Objective: Graft coronary disease (GCD) remains the major determinant of long-term survival after heart transplantation. Therapeutic strategies for the prevention or retardation of GCD in the cardiac allograft are limited, and palliative surgical coronary revascularization has been attempted. The aim of this report was to retrospectively analyze our results of coronary artery bypass grafting after cardiac transplantation. This paper correlates the outcome of patients with the pathohistological and angiographic type of lesion in order to identify transplant recipients who may profit from surgical myocardial revascularization. Methods: Seven patients with a mean age of 55 years (range 45-61 years) underwent coronary artery bypass grafting as a result of GCD at a mean of 67 months (range 6-128 months) after cardiac transplantation. By the inclusion of the clinical history and the angiographic pattern of GCD lesions, the primary indications for surgical revascularization, operative results, pathohistological studies and follow-ups were examined. Results: Elective surgery was performed in two patients with proximal, severe triple vessel disease (Type A lesion) and in one patient in whom the primary reason for cardiac surgery was severe tricuspid regurgitation. This patient electively received a tricuspid valve replacement and concomitant single vessel bypass surgery for proximal GCD (Type A lesion). Emergency surgery was performed in four patients: preoperatively three patients post-infarction developed worsening congestive heart failure, which resulted in low cardiac output syndrome. One patient with combined Types A and B/C lesions required emergency surgery for dissection of the right coronary artery (RCA) after an angioplasty procedure. Angiographically all these patients showed diffuse, distal arteriopathy (combined Type B/C lesions). The electively operated patients (n=3) and the patient with dissection of the RCA (n=1) had successful operations and survived beyond hospital discharge (overall survival for coronary artery bypass graft (CABG) in GCD patients 4 out of 7; 57%). All three patients with distal arteriopathy, who underwent emergency surgery, died in hospital from left ventricular failure (43%). The four patients discharged from hospital with a mean follow-up of 10 months (range 2-32 months) are all in good clinical condition. Conclusions: Coronary artery bypass grafting can be successfully performed in a subgroup of cardiac transplant patients with Type A lesions. However, the state of diffusely diseased distal arteries (Type B/C lesions), which is prevalent in this group of patients, limits the use of bypass surgery. Copyright (C) 1999 Elsevier Science B.V.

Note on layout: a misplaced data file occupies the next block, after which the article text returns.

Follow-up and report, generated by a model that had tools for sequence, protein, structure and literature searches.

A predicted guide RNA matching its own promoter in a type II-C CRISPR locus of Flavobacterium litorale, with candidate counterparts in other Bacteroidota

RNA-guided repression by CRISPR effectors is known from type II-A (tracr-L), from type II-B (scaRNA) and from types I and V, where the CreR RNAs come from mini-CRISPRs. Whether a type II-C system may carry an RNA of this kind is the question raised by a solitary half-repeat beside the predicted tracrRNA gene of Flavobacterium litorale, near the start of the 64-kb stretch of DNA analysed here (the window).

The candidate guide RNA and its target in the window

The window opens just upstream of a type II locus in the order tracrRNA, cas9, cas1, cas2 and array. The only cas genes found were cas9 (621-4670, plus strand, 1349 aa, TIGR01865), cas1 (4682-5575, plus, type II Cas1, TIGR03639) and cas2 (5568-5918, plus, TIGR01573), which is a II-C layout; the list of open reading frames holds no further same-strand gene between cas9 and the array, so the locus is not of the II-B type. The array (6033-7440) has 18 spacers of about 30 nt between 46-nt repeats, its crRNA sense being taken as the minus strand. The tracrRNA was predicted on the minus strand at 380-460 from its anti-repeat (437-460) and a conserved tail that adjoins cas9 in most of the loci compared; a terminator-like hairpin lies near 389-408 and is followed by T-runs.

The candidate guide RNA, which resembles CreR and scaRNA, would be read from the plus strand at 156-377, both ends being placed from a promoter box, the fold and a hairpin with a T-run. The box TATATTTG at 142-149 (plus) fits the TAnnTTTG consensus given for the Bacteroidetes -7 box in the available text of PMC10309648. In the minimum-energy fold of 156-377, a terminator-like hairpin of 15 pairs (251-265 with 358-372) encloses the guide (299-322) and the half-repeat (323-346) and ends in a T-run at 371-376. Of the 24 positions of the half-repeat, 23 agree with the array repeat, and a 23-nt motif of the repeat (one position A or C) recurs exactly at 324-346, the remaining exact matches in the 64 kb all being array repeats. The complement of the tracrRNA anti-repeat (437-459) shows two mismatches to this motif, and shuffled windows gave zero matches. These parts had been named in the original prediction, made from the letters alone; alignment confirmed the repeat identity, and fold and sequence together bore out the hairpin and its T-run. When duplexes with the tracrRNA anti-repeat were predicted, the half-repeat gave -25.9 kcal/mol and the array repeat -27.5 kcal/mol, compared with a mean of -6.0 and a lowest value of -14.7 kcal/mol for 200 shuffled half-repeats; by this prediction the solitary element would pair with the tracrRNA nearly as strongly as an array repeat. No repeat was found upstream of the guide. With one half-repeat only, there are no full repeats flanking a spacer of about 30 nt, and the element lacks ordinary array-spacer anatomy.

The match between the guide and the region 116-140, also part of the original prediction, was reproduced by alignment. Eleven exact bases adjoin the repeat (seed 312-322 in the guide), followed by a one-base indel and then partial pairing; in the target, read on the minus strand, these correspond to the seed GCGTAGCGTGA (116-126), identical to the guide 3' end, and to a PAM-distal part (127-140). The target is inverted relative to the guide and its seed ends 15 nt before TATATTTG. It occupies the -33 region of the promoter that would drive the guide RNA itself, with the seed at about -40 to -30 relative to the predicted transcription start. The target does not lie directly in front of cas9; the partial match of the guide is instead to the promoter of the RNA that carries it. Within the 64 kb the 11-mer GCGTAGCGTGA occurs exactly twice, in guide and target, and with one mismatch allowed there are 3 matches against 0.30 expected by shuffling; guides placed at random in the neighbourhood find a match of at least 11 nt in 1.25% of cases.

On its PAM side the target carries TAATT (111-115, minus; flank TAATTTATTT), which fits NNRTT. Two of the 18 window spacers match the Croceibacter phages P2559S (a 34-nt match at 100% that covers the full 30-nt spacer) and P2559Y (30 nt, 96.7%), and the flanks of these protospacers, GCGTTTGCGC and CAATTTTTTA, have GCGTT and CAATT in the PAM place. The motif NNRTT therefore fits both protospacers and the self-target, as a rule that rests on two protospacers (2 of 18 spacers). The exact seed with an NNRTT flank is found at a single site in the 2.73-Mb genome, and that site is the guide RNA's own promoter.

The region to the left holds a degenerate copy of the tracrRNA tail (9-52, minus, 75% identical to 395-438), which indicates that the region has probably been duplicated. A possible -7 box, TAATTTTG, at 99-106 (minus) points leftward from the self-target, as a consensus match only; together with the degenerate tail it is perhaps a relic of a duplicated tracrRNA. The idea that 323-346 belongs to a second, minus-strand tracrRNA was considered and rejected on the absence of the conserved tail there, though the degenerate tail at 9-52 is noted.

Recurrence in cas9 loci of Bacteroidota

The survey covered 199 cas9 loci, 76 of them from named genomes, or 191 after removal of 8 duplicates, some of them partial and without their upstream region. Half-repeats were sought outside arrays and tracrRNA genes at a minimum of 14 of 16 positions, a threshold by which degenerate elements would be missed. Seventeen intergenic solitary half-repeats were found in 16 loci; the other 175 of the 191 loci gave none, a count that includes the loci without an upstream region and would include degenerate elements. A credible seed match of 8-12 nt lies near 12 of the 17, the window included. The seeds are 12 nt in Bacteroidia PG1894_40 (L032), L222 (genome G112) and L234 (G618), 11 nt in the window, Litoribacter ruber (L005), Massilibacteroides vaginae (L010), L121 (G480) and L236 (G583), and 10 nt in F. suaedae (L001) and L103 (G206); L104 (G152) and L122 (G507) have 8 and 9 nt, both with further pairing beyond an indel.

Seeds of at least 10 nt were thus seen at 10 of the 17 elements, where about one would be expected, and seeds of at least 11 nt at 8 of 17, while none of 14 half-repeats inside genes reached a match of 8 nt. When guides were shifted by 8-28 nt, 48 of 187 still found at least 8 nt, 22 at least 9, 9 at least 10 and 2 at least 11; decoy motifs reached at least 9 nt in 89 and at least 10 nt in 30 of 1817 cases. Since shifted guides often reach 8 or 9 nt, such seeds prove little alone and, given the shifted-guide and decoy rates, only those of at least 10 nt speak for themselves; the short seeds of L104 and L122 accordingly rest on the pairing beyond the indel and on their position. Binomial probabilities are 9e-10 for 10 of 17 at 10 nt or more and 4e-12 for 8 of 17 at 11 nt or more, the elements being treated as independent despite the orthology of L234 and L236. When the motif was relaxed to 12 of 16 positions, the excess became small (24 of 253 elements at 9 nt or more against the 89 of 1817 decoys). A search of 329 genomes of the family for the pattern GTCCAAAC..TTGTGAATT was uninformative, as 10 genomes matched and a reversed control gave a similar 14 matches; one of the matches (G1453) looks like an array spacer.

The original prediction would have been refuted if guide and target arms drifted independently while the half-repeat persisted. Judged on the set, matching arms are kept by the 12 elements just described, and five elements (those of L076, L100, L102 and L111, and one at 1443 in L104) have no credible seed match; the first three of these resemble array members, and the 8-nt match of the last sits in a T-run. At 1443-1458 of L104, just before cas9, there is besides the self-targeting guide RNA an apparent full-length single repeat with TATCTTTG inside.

- Coronary bypass surgery
- Graft coronary disease
- Heart transplantation
ASJC Scopus subject areas
- Cardiology and Cardiovascular Medicine